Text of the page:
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Archive for November, 2013

From my high school 365 Project.

From my high school 365 Project.

My friend and I had been talking about assault. I was talking about how if anybody ever approached me violently, I would use my entire body against them. I would kick them in whatever sensitive areas I could perceive, rake my nails into their skin, and use my teeth like a sabertooth tiger gripping the haunch of a primordial deer. I would make them regret ever thinking I was somebody weak. I would make them regret ever thinking I wasn’t prepared. I was excited for that aggression. That excuse for the energy I can exert, the dominance I can show, the unbridled aggression that can finally be released. And that concerns me. Why do I want to rip off some poor fucker’s ear? Sure, if they assaulted me, a defensive maneuver or two is probably warranted, but why would I want them to bleed. Why am I so excited by this visceral urge? Why is my being able to service my aggression so enthralling? That’s what I really want to talk about. The embodiment of aggression.

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“Oh shit,” I yell, “I need to make a blog post!” I grab a computer, sit down and open up a document.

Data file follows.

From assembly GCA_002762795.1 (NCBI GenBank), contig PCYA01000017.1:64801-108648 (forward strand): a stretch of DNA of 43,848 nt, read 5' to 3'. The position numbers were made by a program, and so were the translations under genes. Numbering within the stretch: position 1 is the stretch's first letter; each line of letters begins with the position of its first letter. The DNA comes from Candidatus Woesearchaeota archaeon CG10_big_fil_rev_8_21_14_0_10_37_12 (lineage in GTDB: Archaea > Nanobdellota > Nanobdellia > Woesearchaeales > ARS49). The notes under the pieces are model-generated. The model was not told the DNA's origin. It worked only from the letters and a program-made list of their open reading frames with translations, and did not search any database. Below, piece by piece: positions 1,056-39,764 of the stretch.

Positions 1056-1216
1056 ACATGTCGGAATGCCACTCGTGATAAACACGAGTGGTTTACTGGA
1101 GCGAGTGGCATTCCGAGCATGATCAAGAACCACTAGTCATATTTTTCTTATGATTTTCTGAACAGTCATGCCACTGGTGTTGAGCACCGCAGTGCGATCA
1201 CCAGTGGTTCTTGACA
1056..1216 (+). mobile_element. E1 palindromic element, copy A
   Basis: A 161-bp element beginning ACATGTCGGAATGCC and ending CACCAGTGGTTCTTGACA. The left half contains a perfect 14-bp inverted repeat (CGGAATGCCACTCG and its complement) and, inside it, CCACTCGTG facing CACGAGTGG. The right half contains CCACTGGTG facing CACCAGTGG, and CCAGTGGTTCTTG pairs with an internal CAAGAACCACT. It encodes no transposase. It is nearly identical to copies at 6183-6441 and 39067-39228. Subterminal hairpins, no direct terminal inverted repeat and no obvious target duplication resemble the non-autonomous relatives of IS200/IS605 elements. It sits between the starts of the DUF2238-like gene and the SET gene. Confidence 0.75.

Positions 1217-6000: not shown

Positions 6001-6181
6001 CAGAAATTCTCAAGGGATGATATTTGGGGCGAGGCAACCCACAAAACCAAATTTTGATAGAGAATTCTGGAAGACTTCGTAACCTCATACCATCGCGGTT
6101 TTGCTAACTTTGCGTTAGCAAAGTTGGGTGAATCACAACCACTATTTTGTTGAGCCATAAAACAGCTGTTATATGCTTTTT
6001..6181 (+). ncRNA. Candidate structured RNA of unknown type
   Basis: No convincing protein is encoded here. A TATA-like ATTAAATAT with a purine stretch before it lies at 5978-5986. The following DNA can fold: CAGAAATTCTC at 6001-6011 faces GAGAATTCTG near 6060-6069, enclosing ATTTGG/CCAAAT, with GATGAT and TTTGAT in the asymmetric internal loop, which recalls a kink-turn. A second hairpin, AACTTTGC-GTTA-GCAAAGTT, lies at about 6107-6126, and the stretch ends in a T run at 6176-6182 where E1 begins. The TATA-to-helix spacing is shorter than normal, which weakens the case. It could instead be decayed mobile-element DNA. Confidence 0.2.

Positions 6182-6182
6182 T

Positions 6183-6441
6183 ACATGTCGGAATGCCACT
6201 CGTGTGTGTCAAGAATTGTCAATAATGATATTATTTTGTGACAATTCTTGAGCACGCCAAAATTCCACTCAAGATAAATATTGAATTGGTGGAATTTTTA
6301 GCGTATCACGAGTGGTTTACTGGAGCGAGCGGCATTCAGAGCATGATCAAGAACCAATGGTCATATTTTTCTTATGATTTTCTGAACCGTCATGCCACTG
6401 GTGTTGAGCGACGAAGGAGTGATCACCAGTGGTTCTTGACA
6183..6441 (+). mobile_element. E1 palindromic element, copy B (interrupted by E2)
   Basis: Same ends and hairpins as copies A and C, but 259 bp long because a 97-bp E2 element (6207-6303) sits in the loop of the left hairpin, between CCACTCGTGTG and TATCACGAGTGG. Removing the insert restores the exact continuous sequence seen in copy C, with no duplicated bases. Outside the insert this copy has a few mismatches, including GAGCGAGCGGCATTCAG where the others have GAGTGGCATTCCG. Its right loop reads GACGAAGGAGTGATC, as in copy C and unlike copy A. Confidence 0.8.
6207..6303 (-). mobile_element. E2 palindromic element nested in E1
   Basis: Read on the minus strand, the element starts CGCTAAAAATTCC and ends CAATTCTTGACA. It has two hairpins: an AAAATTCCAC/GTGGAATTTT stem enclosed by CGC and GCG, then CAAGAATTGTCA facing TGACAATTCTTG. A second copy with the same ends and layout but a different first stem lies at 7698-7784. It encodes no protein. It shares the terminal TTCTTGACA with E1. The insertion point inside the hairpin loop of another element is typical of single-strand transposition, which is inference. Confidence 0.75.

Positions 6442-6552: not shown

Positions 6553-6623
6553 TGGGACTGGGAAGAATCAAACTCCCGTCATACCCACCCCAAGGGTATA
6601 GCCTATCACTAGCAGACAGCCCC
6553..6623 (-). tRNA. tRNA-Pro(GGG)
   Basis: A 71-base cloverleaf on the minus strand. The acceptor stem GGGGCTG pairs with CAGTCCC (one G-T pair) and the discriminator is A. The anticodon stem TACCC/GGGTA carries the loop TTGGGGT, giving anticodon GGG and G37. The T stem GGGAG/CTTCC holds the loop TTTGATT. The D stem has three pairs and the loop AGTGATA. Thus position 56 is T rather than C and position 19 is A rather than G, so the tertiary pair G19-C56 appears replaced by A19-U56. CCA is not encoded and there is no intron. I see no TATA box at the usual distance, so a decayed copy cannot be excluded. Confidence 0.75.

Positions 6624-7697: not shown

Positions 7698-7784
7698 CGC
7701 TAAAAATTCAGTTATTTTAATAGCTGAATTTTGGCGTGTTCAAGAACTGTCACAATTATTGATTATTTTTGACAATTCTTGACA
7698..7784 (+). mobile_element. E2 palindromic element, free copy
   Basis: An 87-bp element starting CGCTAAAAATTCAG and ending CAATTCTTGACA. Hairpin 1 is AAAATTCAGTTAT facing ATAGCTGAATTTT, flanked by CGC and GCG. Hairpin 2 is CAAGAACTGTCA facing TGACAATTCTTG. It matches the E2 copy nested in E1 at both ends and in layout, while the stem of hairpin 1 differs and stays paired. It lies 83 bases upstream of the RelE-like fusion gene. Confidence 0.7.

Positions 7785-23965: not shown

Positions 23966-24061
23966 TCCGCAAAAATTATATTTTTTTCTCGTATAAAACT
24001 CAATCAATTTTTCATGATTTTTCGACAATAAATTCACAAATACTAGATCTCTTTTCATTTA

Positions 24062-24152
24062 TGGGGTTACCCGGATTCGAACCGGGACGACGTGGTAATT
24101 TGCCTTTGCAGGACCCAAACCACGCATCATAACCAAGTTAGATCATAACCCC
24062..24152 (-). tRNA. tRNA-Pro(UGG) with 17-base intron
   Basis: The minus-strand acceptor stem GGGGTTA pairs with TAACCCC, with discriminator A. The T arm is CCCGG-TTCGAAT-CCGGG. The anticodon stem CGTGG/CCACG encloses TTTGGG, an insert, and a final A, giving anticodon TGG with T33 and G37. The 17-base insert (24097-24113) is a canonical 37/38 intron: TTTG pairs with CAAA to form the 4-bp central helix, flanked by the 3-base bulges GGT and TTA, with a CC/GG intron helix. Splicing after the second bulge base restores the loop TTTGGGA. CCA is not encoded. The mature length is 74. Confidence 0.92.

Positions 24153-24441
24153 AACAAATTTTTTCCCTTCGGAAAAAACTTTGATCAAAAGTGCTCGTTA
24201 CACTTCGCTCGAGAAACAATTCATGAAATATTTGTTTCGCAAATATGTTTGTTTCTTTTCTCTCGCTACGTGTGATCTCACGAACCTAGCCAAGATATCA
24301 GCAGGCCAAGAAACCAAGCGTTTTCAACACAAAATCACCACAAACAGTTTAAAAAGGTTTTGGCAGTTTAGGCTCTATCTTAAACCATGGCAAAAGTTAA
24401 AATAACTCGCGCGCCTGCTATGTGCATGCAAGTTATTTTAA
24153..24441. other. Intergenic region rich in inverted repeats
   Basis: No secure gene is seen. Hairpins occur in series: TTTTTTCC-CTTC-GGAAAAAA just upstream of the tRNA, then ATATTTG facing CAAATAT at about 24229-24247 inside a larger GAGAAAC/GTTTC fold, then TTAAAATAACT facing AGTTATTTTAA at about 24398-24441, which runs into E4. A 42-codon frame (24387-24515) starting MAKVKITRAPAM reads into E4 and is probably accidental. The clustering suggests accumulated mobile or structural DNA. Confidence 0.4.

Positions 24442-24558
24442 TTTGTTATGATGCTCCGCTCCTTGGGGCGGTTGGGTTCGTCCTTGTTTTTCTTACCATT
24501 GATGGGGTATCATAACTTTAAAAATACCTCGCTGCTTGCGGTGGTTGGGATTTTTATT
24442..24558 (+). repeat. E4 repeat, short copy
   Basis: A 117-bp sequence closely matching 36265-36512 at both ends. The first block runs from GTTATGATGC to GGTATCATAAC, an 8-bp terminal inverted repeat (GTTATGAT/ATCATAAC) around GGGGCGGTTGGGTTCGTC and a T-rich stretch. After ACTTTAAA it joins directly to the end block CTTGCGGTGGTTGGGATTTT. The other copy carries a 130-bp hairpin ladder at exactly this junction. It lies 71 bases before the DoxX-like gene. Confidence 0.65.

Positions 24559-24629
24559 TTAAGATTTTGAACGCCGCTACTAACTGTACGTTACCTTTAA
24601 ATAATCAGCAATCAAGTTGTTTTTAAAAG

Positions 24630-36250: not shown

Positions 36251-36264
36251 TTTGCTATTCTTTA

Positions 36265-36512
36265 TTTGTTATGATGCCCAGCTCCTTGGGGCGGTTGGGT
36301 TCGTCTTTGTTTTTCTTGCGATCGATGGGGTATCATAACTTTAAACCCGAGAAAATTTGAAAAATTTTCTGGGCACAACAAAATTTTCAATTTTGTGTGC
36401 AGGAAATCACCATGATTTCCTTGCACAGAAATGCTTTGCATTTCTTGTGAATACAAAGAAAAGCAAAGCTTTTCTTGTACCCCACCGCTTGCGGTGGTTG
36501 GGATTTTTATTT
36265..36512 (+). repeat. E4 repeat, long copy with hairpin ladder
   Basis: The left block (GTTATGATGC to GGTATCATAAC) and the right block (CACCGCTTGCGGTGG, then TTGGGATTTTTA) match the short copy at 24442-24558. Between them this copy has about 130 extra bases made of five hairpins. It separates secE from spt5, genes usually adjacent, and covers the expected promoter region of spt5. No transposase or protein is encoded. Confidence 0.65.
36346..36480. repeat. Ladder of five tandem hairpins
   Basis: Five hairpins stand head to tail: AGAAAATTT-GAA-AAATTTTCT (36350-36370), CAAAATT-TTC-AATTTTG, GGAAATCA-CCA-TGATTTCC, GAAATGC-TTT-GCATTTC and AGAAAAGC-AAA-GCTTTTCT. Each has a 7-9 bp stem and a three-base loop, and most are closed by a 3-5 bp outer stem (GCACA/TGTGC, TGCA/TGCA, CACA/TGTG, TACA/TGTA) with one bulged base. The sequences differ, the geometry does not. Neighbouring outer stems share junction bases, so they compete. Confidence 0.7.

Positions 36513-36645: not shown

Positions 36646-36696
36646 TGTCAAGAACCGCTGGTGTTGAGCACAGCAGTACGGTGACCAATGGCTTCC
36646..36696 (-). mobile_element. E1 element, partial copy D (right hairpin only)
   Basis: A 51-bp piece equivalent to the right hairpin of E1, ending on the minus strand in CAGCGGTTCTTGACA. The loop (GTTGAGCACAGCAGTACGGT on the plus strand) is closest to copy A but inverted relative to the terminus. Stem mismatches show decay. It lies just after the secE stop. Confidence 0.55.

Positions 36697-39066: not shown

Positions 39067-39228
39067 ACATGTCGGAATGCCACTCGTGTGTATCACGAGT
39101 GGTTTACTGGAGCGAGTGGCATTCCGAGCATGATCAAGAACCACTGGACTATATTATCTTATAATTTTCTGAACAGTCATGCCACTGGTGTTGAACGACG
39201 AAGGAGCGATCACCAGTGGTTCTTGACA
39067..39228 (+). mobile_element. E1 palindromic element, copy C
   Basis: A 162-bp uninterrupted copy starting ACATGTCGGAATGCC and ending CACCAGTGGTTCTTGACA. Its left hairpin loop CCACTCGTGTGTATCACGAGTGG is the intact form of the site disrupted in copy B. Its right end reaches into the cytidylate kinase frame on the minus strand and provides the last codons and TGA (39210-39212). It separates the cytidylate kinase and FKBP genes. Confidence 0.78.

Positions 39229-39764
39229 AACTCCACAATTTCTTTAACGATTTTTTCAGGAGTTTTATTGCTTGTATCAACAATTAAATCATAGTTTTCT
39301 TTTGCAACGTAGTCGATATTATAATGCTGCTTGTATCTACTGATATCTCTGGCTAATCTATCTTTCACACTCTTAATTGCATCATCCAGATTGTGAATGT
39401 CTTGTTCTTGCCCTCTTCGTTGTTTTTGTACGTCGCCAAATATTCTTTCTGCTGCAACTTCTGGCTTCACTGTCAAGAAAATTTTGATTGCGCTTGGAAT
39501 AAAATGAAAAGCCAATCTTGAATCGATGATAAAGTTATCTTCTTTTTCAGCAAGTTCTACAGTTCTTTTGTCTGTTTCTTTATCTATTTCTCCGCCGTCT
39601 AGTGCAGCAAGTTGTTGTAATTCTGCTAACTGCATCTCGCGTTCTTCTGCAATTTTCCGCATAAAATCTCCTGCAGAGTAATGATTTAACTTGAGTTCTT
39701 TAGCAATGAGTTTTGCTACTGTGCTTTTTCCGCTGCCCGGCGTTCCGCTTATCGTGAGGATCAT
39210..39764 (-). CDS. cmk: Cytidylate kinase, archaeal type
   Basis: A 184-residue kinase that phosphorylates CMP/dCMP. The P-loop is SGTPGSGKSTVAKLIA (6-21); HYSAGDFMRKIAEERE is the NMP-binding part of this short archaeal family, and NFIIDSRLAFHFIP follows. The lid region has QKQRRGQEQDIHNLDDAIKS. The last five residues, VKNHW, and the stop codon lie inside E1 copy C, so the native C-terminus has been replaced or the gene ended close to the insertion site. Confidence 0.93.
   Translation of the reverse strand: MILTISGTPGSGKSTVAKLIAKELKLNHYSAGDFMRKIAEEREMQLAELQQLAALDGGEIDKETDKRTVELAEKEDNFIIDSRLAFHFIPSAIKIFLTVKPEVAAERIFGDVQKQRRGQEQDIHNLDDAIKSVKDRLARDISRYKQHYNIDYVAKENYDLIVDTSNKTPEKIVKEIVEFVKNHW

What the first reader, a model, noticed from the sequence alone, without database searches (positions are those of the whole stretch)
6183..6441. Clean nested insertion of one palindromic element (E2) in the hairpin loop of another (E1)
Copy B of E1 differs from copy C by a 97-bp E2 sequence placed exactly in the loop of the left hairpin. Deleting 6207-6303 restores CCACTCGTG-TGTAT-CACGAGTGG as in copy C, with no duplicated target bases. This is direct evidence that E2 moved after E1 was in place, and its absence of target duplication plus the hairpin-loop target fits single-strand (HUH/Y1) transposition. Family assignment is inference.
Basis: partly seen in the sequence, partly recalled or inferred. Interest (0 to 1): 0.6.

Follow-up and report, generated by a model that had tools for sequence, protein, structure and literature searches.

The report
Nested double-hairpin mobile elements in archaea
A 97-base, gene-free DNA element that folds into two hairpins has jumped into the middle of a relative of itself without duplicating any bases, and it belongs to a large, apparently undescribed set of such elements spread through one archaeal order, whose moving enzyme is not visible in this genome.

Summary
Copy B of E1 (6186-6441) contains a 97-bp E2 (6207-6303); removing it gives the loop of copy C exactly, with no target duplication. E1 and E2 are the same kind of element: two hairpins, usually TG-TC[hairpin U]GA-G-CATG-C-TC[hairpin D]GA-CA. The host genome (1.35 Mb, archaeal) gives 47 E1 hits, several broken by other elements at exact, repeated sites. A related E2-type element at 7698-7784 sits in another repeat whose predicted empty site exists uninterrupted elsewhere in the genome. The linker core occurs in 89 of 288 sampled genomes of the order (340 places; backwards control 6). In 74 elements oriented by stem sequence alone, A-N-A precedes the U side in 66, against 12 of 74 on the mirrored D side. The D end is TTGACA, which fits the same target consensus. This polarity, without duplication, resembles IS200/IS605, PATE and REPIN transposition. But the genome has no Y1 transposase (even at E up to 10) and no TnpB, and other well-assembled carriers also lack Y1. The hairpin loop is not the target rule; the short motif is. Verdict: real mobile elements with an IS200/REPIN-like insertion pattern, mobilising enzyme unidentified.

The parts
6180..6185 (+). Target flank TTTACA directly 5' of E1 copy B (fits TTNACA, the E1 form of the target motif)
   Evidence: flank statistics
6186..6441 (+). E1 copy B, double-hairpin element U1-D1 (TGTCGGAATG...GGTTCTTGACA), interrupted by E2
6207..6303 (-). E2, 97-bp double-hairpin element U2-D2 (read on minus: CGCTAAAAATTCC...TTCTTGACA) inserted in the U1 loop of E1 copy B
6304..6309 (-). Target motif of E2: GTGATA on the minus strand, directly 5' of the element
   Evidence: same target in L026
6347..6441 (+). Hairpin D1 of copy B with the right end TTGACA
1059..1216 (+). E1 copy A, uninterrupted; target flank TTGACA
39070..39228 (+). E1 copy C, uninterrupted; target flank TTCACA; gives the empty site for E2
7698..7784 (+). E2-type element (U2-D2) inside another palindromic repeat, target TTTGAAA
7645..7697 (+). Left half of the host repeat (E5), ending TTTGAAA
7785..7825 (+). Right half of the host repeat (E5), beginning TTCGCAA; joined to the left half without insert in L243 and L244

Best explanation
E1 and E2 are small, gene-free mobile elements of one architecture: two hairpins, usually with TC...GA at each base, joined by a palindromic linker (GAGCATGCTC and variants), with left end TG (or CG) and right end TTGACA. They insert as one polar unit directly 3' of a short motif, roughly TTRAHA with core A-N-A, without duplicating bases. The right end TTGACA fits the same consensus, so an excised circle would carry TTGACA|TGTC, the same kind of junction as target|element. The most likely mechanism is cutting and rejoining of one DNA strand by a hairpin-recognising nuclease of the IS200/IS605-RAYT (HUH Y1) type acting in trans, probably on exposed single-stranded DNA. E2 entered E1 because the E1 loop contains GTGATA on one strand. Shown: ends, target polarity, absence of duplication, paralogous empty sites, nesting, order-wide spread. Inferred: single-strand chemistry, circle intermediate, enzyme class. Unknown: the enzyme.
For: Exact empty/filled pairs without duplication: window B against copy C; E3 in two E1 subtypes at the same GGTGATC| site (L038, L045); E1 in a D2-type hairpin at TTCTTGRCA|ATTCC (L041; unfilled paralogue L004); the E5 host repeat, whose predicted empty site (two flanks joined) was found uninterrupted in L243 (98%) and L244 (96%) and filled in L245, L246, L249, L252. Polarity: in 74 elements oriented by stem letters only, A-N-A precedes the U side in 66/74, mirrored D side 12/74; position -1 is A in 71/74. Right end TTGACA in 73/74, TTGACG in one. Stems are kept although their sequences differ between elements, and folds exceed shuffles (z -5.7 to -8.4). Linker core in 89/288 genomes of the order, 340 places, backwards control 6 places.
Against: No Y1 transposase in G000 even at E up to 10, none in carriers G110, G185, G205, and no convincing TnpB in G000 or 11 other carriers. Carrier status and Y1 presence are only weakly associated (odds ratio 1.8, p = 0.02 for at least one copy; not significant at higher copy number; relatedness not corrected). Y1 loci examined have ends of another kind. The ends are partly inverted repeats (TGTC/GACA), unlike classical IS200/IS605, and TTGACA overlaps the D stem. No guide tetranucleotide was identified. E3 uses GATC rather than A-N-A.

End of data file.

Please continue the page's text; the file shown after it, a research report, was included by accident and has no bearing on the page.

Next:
I can’t think of one intelligent thing to say.

Yes, this is a post that is going up now. I have an idea of what I want to say now. Before, when I thought about it, I didn’t know what to put here. Me, disabled? There’s no way. I get out of bed on time every morning, I make breakfast, I go to school, I do things around the house, I work, take care of the animals… There’s no way I’d ever classify my constant state of movement as ever being disabled.

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Ex-Smoker

In 4 days I will not have had a cigarette for 11 months.

Quit-Smoking-Cigarettes (more…)

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**This post is about breastfeeding. I hope you read it, but if not, please take a look at the resources I’ve linked, as there are many and I have found them to be invaluable tools for breastfeeding mothers.**

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Just the word “breastfeeding” brings mixed reactions. I don’t know many people who find it overtly offensive. I know many people who find it as natural as breathing. Most people I know are somewhere in between, approving of the act for its purpose and benefits, but feeling opposed to the actual witnessing of it. I myself have existed on various levels of acceptance as I’ve aged, so I’m not unfamiliar with the uneasiness it gives people. What I hope to do here as I share my personal experience is offer perspective, perhaps a chance for some to alter their view of breastfeeding by considering the breastfeeder.  (more…)

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disability-320trans